‘Lost & Found’ Ponders Profound Grief Alongside Newfound Love

Since getting a booster shot from Joan Didion’s “The Year of Magical Thinking,” the grief memoir has become such a hardy genre that it deserves its own nickname — the mournmoir? the dieography? — and its own placarded table at the front of bookstores, perhaps strewn with high-profit-margin items like candles, journals and Kleenex.

Just as for decades there has been a Bad Sex in Fiction award, we might even grow so numb to sorrow that we eventually create the Bad Death in Nonfiction.

It won’t go to Kathryn Schulz, a staff writer at The New Yorker who already collected a Pulitzer Prize and a National Magazine Award for her foreboding feature about the megaseismic threat posed by the Cascadia subduction zone. In her new book, “Lost & Found,” which grew out of a previously published essay, she addresses a more personal cataclysm: the death of her father, Isaac Schulz.

Describing his last moments in a hospital room at 74 (on the earlier side, in these days of sophisticated geriatric medicine, but hardly premature, she acknowledges), Schulz’s prose is not so much purple as lavender: a curtain drawn calmly around the beloved’s body. “I could not stop picturing the way he used to push his glasses up onto his forehead to read,” she writes in an extended passage describing the immediate aftermath. “It struck me, right before everything else struck me much harder, that I should set them by his bed in case he needed them.”

Isaac, absent-minded about the physical world but fluent in six languages, loved to read, casually cracking the spines of paperbacks as others might lobsters. He imparted a fierce intellectual appetite to his daughters that pulses through these pages. (Schulz’s older sister, Laura, is a professor of cognitive science at M.I.T.) Polymathic if not polyglot herself, the author revels in the specificity of figures: We lose an average of nine objects a day, she reports, and spend six months of our lives searching for them; contemplating the disappearance of Malaysia Airlines Flight 370, she notes without shudder that 180 billion planes could nestle comfortably on the bottom of the Indian Ocean.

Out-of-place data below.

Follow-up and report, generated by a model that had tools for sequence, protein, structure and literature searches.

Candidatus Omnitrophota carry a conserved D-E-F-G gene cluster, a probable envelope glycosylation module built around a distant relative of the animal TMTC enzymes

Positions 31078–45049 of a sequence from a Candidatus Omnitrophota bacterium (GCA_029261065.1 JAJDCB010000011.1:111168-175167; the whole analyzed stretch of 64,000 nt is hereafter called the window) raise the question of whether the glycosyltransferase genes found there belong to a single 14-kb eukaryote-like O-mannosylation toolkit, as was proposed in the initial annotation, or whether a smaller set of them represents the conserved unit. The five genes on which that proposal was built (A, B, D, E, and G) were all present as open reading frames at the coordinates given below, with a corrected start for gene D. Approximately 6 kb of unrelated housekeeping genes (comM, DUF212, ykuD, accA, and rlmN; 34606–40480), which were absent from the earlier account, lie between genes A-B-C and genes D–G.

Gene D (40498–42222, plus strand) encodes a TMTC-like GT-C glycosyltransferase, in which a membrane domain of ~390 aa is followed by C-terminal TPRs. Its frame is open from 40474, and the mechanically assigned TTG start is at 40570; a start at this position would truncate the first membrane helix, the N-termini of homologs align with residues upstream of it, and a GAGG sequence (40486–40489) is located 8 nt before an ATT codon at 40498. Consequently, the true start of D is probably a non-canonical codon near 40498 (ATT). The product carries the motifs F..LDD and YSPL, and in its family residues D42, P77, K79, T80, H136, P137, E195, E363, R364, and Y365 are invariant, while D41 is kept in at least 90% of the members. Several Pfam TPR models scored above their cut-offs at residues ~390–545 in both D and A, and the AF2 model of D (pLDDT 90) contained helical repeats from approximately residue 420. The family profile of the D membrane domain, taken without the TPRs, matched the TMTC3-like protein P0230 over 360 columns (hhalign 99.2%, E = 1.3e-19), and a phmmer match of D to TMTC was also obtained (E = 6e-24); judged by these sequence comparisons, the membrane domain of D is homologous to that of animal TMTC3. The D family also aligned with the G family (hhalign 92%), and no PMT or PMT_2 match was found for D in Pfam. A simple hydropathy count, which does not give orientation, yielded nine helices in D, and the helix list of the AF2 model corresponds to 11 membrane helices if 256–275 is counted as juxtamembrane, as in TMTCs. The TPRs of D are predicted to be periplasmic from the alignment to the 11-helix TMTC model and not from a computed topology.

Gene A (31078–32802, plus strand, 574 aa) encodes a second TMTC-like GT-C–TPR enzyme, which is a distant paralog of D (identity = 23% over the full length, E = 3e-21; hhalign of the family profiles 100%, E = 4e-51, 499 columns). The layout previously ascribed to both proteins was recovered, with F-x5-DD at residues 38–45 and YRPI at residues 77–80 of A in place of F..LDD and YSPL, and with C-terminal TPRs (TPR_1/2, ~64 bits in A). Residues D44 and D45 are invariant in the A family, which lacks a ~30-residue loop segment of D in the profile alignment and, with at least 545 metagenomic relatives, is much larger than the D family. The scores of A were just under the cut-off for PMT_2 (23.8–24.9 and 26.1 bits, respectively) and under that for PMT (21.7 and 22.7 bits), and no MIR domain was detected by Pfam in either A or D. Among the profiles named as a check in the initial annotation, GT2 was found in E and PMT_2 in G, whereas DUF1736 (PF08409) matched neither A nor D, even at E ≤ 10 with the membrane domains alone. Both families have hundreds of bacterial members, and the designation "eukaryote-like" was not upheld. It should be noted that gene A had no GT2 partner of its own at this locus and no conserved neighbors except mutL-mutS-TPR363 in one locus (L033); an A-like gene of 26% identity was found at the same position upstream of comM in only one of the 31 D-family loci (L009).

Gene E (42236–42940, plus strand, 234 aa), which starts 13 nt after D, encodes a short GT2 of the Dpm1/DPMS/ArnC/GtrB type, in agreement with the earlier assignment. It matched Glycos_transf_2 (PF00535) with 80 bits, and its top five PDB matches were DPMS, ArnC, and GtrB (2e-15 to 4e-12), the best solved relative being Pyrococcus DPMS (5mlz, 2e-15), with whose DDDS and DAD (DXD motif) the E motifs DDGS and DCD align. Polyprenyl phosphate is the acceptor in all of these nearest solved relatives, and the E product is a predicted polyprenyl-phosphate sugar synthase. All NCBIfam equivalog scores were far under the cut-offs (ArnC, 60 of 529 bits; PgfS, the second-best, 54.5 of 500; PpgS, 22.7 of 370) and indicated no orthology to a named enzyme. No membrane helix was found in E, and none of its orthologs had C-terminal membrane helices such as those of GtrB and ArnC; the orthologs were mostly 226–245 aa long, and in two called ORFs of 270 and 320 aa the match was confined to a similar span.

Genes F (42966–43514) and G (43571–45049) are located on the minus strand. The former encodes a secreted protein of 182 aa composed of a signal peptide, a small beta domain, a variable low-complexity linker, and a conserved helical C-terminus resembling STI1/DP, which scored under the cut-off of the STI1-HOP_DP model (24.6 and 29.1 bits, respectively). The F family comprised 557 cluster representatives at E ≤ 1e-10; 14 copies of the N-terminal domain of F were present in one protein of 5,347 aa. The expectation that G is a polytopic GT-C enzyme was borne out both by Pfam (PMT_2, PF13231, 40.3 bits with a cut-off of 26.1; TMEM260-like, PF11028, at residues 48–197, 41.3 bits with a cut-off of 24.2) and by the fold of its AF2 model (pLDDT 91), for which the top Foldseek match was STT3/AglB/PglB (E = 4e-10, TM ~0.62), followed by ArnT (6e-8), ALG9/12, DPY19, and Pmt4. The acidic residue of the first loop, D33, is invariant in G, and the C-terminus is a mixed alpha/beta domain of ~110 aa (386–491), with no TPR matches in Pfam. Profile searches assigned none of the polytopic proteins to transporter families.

Kathryn Schulz, whose new memoir is “Lost & Found.”Credit…Casey Cep

Sometimes old-fashioned in her syntax, using phrases like “set about” and “I suppose,” Schulz likes to turn parts of speech over and examine them, like stones. “Cosmopolitan” describes her girlfriend, “in that beautiful root sense of the word: a citizen of the cosmos.” The couple’s more affectionate cat is “exceedingly thigmotactic.” The rest of us procrastinate; Schulz “circumjoviates.” And you might know Venus and Hermes from ancient mythology, but have you been introduced to the more obscure figures Tacita, silent goddess of death, and Anteros, god of requited love?

Isaac, along with modeling erudition, seems to have been a warm and fascinating man, all the more grounded for his considerable itineration: born in Tel Aviv and raised in a kibbutz as the Holocaust decimated much of his mother’s family in Poland, detouring improbably to postwar Germany and then Detroit, selling used clothes in Illinois, jerking soda in Manhattan and deploying to Korea before settling in Cleveland as a lawyer. “He had a booming voice, a heavy accent, a formidable mind, a rabbinical beard, a Santa Claus belly and the gestural range of the Vitruvian Man,” Schulz writes in a model of effective eulogy: homage to the vanished corporeal form; placement in culture’s eternal pantheon. “Collectively, the effect was part Socrates, part Tevye.”

Against such a colorful character, made more vivid by his absence, others can’t help fading.

Schulz strains to describe the state of bereavement, whose scudding emotions are presented as curious novelties but will be familiar to anyone who’s been there. “To be prepared is not to be spared,” she writes, as if needlepointing a pillow. In death’s wake, Schulz finds herself clumsy, anxious, Kübler-Ross angry (“albeit thinly”); she is OK and then not-so-OK and then OK again. “Like anything that goes on for too long,” she admits, “grief is (I don’t know why people don’t talk about this aspect of it more often) unbelievably boring.”

More radically, Schulz’s book torques the grief memoir into a Möbius strip, placing the totalizing experience of loss — to be almost geographically, directionally “at a loss,” as she palpates that particular stone — on a continuum with the summons of romantic and even religious love: with being “found.” Schulz is Jewish; her partner, fellow author and New Yorker staff writer Casey Cep, here identified rather coyly as C., is Lutheran. There are also class and regional differences between the pair, and not since Barnes met Noble has the ampersand gotten such a workout, analyzing the miracle of their conjoining.

The couple’s love story can have the earnest, burbling quality of a wedding journal, filled as it is with cafe chats, a second date lasting 19 days, long hikes, wildflowers, road trips, thigmotactic bedtime cuddles and bursts of pathetic fallacy. “God knows, we were a dappled bunch that day,” Schulz writes of their storm-punctuated nuptials, riffing on Gerard Manley Hopkins. (Elizabeth Bishop’s famous poem about losing, “One Arka,” also prominently figures.)

If you can tolerate a little schmaltz, though, stick with Schulz. Against the current Netflix climate-change satire, “Don’t Look Up,” she does cast her gaze unflinchingly into the heavens — plus down and sideways, even if it leaves her own flanks vulnerable. A mysterious story about a uzunluk finding a meteorite ingeniously boomerangs, coincidences mount, patterns emerge, junk proves valuable and she chooses to “take the side of amazement.” In an ocean of churning cynicism and despair, this is a winning bet.

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